One client, a 60-year-old man who owns a family business with about 500 employees, wants to scale down his company, take a modest salary and move to South America because he feels he is being taxed too much, Adams says. He also fears his employee health care costs are going to go through the roof.

"He feels the current administration has said anyone earning over $250,000 is bad and that they're going to tax them a lot," Adams says. "But that was before November 2. If we now see the Bush tax cuts get extended, that may put a damper on his desire to move."

Adams has another client, a professional baseball player in his early 30s who currently lives in Japan and earns about $1 million a year. The client feels he's being taxed to death in the U.S. Whether that's perception or reality is hard to say, Adams says.

Peter Guang Chen, a CPA and partner at the Chinese law firm DeHeng Chen, says a number of his clients have already given up their U.S. citizenship and moved to Asia, and several more-most of whom earn seven-figure salaries and have at least $20 million in assets-are currently considering it. Several are considering moving to Hong Kong, which has a flat tax rate of 16% and taxes only salary income. Hong Kong also did away with its estate tax in 2006. In the U.S., there was no estate tax in 2010, but it's due to return with a vengeance on January 1, imposing levies of up to 55% on estates valued at more than $1 million (the compromise proposed by President Obama and Republicans in December would lower the rate to 35% on assets of more than $5 million).

"Most of the clients making inquiries already have business or residency in China," Chen says. "It's hard to find someone who will just move there totally out of the blue without having had some connection there."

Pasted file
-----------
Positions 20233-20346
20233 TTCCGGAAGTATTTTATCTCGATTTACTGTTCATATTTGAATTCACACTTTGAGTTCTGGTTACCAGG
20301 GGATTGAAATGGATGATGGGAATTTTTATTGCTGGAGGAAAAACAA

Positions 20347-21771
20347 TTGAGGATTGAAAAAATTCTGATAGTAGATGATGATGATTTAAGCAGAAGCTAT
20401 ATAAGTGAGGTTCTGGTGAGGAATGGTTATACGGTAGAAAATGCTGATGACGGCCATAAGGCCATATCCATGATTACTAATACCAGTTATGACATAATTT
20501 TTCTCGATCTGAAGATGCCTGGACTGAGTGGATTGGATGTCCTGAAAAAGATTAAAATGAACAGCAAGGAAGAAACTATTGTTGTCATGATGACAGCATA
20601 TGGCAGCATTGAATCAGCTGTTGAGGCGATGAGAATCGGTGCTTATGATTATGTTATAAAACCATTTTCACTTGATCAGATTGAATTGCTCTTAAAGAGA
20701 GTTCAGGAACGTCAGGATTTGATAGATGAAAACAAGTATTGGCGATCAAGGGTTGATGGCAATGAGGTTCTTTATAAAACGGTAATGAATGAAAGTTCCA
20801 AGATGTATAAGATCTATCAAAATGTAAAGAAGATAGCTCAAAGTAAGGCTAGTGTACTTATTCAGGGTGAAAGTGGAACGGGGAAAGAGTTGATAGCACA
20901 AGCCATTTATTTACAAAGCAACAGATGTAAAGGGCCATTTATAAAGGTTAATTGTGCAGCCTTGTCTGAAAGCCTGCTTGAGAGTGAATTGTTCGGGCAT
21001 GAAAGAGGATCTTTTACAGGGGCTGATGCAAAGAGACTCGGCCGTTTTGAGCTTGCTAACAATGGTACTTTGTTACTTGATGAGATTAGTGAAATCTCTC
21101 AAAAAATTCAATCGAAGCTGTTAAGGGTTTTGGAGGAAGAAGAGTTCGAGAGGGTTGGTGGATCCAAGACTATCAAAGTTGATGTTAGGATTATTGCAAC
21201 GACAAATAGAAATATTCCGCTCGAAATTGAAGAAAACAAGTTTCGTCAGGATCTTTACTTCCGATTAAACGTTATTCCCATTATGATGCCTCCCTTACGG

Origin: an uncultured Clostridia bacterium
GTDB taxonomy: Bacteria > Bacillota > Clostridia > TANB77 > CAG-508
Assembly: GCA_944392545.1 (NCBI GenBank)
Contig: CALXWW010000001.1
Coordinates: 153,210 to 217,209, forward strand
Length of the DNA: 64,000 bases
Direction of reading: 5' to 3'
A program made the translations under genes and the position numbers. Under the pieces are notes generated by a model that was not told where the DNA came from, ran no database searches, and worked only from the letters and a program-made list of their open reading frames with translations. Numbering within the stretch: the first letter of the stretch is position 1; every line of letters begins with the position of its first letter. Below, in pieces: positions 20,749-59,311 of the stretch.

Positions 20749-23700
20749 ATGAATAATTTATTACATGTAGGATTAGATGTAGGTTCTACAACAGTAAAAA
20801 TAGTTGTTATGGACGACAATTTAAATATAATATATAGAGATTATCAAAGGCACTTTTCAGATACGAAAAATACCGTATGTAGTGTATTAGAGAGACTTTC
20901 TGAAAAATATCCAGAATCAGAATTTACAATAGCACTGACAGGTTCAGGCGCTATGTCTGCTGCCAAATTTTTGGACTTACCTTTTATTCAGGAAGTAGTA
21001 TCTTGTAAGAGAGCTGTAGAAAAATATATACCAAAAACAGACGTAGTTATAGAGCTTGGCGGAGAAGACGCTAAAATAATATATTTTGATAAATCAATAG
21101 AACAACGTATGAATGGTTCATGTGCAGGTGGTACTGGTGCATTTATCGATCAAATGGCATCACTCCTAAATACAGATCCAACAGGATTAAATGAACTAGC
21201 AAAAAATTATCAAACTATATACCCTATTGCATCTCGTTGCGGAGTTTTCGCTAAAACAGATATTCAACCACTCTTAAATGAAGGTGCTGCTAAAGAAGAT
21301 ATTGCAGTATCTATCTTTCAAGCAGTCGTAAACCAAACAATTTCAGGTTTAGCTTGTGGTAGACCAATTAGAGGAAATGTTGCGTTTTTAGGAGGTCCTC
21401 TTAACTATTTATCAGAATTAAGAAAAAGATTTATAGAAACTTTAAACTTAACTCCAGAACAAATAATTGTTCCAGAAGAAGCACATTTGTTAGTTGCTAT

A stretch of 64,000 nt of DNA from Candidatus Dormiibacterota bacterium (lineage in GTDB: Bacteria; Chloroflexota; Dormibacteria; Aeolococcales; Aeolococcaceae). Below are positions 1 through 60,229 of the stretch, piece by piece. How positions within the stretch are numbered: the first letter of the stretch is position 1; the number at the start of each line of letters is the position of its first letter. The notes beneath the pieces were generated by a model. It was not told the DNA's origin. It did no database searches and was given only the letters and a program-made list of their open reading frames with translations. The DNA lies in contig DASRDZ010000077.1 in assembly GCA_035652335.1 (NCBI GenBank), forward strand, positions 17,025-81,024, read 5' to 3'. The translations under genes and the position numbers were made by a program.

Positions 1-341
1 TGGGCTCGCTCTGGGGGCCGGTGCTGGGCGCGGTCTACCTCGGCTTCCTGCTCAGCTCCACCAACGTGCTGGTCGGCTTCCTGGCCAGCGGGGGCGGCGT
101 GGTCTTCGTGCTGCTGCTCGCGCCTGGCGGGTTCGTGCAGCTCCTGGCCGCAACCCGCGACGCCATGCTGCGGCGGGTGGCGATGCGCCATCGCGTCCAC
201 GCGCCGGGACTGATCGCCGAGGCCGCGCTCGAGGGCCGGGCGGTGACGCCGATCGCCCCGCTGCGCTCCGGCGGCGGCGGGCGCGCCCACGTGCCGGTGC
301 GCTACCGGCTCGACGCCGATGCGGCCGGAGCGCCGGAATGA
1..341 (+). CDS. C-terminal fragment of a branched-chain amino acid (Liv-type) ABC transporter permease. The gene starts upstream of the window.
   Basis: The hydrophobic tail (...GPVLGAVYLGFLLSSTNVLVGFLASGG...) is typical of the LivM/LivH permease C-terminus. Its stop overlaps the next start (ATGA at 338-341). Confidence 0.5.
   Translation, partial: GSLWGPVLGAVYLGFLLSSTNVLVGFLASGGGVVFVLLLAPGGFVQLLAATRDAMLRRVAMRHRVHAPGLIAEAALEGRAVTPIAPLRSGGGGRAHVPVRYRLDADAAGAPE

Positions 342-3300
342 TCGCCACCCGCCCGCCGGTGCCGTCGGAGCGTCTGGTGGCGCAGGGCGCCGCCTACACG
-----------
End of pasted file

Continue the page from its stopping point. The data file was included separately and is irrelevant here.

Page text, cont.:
Relinquishing citizenship is not hard. The person must appear before a U.S. consular or diplomatic official in a foreign country and sign a renunciation oath-though they cannot say they are doing it for tax reasons. Moreover, renunciation does not allow a person to escape pending tax obligations.

The painful part of relinquishing American citizenship is a new exit tax, which basically says if you give up your citizenship it will be deemed to be a sale of all your assets and you must pay the taxes on the capital gains.

Part of the problem for both expats and U.S. citizens with foreign bank accounts is that stringent new banking regulations under the Patriot Act of 2001-intended to prevent money from flowing to terrorist groups-have made it more difficult to keep bank accounts overseas. The law originally had no teeth, but civil penalties were added in the Jobs Creation Act of 2004 and the IRS started to aggressively pursue secret account holders in 2009.

In addition, the Foreign Account Tax Compliance Act (FATCA) was signed into law in March as part of the Hiring Incentives to Restore Employment Act, which, among other things, introduced a 30% withholding tax on certain payments made to foreign entities that fail to comply with specified reporting requirements. The law essentially increased the number of disclosures for U.S. citizens with foreign accounts and assets and increased the penalties for non-compliance.

"The new law made it much more difficult for U.S. citizens and tax residents to hide foreign income," Gluckman says. "These people who had been in nowhere land are all of a sudden saying, 'Now I'm going to have to pay taxes I never paid before. Maybe I'll just give up my U.S. citizenship instead.'"